At sixty-six, with several jail terms behind him, Luther Whitney has decided this will be his last robbery. Everything goes according to plan–until Christine Sullivan comes home unexpectedly. Luther quickly hides in the walk-in safe and discovers it contains a one-way window. Soon Luther finds himself witnessing a brutal murder involving the president of the United States. Strong language and some explicit descriptions of sex. 1996.

Gathering Prey
by John Sandford
DB 81372
Called Travelers, they move from city to city, panhandling but committing no crimes. When Lucas Davenport’s adopted daughter, Letty, learns that a woman Traveler she’d befriended thinks somebody is killing her friends, Lucas accompanies Letty on an odyssey through a subculture unlike any he has ever seen. Unrated. Commercial audiobook.    2015.

Hot Pursuit
by Stuart Woods
DB 81450Hot Pursuit by Woods
While being trailed by his new lady love’s unstable, criminal ex-boyfriend, Stone Barrington must also deal with trouble brewing on the international stage. Several enemy operatives are at large, and only a coordinated intelligence effort will stand a chance of stopping their deadly plot. Unrated. Commercial audiobook. 2015.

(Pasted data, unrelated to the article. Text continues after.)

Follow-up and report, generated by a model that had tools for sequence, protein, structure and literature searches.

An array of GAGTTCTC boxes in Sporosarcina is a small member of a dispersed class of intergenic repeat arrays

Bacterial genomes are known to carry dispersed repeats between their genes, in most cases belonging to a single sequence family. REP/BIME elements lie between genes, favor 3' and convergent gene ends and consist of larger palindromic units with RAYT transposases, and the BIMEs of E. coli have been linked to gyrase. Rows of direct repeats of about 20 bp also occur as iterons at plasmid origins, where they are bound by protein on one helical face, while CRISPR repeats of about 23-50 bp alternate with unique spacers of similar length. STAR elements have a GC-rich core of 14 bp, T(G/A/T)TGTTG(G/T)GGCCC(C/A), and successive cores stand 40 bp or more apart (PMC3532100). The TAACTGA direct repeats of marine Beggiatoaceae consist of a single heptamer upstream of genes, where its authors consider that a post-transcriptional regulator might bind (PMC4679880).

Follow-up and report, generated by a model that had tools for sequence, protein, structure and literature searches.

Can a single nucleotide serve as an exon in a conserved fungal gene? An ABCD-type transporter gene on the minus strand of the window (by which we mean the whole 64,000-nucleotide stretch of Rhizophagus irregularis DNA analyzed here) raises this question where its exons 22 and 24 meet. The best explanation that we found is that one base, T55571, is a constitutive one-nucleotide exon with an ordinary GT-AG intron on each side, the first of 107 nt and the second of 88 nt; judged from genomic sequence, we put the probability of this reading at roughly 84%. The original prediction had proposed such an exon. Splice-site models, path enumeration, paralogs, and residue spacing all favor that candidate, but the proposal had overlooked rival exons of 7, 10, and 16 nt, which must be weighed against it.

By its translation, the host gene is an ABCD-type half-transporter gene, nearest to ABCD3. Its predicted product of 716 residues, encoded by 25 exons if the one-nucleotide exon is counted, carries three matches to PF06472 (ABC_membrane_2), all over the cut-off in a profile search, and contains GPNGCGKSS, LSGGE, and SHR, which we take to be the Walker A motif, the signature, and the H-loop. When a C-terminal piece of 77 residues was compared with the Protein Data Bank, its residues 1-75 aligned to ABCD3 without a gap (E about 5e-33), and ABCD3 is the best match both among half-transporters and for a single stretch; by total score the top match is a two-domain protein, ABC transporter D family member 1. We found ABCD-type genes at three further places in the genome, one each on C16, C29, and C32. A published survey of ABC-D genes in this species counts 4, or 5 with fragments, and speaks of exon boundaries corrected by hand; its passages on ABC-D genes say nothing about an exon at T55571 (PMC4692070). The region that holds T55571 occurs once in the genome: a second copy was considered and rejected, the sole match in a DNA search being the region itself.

Wyoming Strong
by Diana Palmer
DB 80744
Fate intervenes to bring archenemies Wofford “Wolf” Patterson and Sara Brandon together on neighboring Wyoming ranches. But as love takes root between them, they cast their differences aside and see each other in a whole new light. Explicit descriptions of sex. 2014.

“One Summer” This Summer!

by Eric Meisberger,
LBPH Reader Advisor

Summer is underway! One of our favorite things here at the Carnegie Library of Pittsburgh Library for the Blind and Physically Handicapped is a good selection of summer reads. Starting off this summer with a good book is definitely the way to go. I suggest One Summer: America, 1927 by Bill Bryson. If you are already a fan of Bryson, you know what a great writer he is. If not, this is the perfect chance to get introduced to an excellent writer. One Summer America 1927 by Bryson

One Summer: America, 1927 is a book of history, but it focuses only on the summer of 1927. This pivotal point in 20th Century American history is full of interesting ideas and fascinating facts. Bryson looks into what consumed the public’s attention, the pop culture of the time, the news of the day, sports, and the political landscape of those few months. The author uses newspapers of the day to reconstruct what stories were in the public consciousness. What’s exceptional about this book is that even if you aren’t a huge fan of history, the way Bryson puts this together really draws the reader in. Don’t like one aspect of what was consuming the public imagination in the summer of 1927? No worries! There are many more that are interesting, engaging and worthy of your attention right around the corner. Start off summer 2015 with a book about a summer of fascinating turning points from years ago!